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Court of Appeals of Texas,Amarillo.

POTTER COUNTY ATTORNEY'S OFFICE;  Sonya Letson, Potter County District Attorney;  Amarillo Police Department;  and Jerry Neal, Amarillo Chief of Police, Appellants, v. STARS & STRIPES SWEEPSTAKES, L.L.C., Appellee.

No. 07–02–0519–CV.

Decided: September 12, 2003

Before JOHNSON, C.J., and REAVIS and CAMPBELL, JJ. Kyle G. Thomas,C. Scott Brumley, Asst. County Attys., Amarillo, for Appellants. Roland Gutierrez, San Antonio, for Appellee.


This is an interlocutory appeal from the trial court's denial of pleas to its jurisdiction.   Appellee Stars & Stripes Sweepstakes, L.L.C., brought suit in the 320th District Court of Potter County against the Potter County Attorney's Office, Sonya Letson, Potter County District [sic] Attorney, the Amarillo Police Department, and Jerry Neal, Amarillo Chief of Police, seeking release of 124 electronic amusement machines, known as eight-liners.

Appellee is the owner of the machines and leased them to Sunrise Entertainment, which maintained a place of business in Amarillo, Potter County.   Amarillo police officers seized the machines and other items alleged to be gambling paraphernalia while executing a search warrant at Sunrise Entertainment on May 16, 2002.   The search warrant was issued by the Hon. John B. Board, judge of the 181st District Court of Potter County.

Appellee filed the instant suit on July 26, 2002.   On July 31, 2002, 15 felony indictments were handed down in the 181st District Court against five individuals associated with Sunrise Entertainment. On August 16, 2002, misdemeanor charges were filed in County Court at Law No. 1 of Potter County against two others associated with the business.1  The seized eight-liners are being held by the Amarillo Police Department.

The Potter County Attorney's Office and Sonya Letson (Potter County) filed a plea to the jurisdiction requesting the 320th District Court to dismiss the suit against them for want of subject matter jurisdiction.   The City of Amarillo (City), responding for Amarillo Police Department and Jerry Neal as Amarillo Chief of Police, filed a motion to dismiss for lack of jurisdiction, also challenging the court's subject matter jurisdiction.   After a hearing, the trial court denied both challenges to the jurisdiction.   Finding merit in appellants' interlocutory appeal, we will reverse the trial court's rulings.


 We first consider our own jurisdiction over this interlocutory appeal.   Generally, a Texas appellate court has jurisdiction to hear an appeal only if it is from a final judgment.  Kaplan v. Tiffany Dev. Corp., 69 S.W.3d 212, 217 (Tex.App.-Corpus Christi 2001, no pet.).   Appellate courts have jurisdiction to consider immediate appeals of interlocutory orders only if a statute explicitly provides appellate jurisdiction.  Stary v. DeBord, 967 S.W.2d 352, 352–53 (Tex.1998).   We strictly construe statutes giving us jurisdiction over interlocutory appeals.  America Online, Inc. v. Williams, 958 S.W.2d 268, 271 (Tex.App.-Houston [14th Dist.] 1997, no writ).   Here, appellants are relying on section 51.014(a)(8) of the Civil Practice and Remedies Code in appealing the court's orders. This section provides that an order granting or denying a plea to the jurisdiction by a governmental unit, as that term is defined by section 101.001, may be challenged immediately by appeal.  Tex. Civ. Prac. & Rem.Code Ann. §§ 51.014(a)(8), 101.001 (Vernon Supp.2003).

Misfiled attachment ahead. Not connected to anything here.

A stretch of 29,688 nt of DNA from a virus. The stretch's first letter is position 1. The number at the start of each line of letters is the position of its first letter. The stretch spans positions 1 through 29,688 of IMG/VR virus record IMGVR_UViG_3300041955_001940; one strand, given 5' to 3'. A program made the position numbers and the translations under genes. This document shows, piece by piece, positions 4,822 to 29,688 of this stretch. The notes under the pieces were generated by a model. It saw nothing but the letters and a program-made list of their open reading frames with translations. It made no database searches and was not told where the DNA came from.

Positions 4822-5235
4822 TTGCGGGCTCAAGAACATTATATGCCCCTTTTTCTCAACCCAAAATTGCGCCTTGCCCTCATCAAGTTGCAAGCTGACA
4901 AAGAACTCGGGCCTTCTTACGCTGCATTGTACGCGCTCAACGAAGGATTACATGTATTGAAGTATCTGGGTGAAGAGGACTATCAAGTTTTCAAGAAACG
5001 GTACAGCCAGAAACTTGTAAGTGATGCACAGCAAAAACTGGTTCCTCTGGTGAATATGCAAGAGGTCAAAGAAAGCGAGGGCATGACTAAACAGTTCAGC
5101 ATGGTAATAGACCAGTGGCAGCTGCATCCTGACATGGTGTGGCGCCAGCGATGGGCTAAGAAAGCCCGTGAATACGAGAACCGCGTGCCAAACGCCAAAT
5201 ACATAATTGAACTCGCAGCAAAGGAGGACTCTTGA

The term, “governmental unit” means “the state [of Texas] ․,” “a political subdivision of this state, including any city, county, ․” and “any other institution, agency, or organ of government the status and authority of which are derived from the Constitution of Texas or from laws passed by the legislature under the constitution.”  Tex. Civ. Prac. & Rem.Code Ann. § 101.001(3)(A), (B), (D).  Appellee's live pleading names as defendants “Potter County Attorney's [O]ffice ․ an agency of the State of Texas ․ Sonya Letson, Potter County [A]ttorney ․ an agent of the State of Texas ․ Amarillo Police Department ․” and “Jerry Neal, Chief of Police of the Amarillo Police Department.”   We must determine if appellants are “governmental units” as defined by section 101.001.

 This court, pointing to the doctrine that a suit against a governmental official in his or her official capacity alone is essentially a suit against the governmental entity, has held that such suits may properly be the subject of interlocutory appeals under section 51.014(a)(8) as suits against governmental units.  Ware v. Miller, 82 S.W.3d 795, 800 (Tex.App.-Amarillo 2002, pet. denied);  Friona Indep. Sch. Dist. v. King, 15 S.W.3d 653, 657 n. 3 (Tex.App.-Amarillo 2000, no pet.).2  Although appellee's petition does not specifically state whether the suit is brought against Letson and Neal in their individual or official capacities, it does identify Letson as “an agent of the State of Texas” and Neal as “Chief of Police of the Amarillo Police Department.”   Looking to the substance of the pleadings, the relief appellee seeks is narrowly described.   Appellee does not seek personal damages against Letson or Neal, but asks that they be required to take action in their official capacities.   We find, therefore, that appellee's claims are not personal in nature, and that Letson and Neal are sued in their official capacities.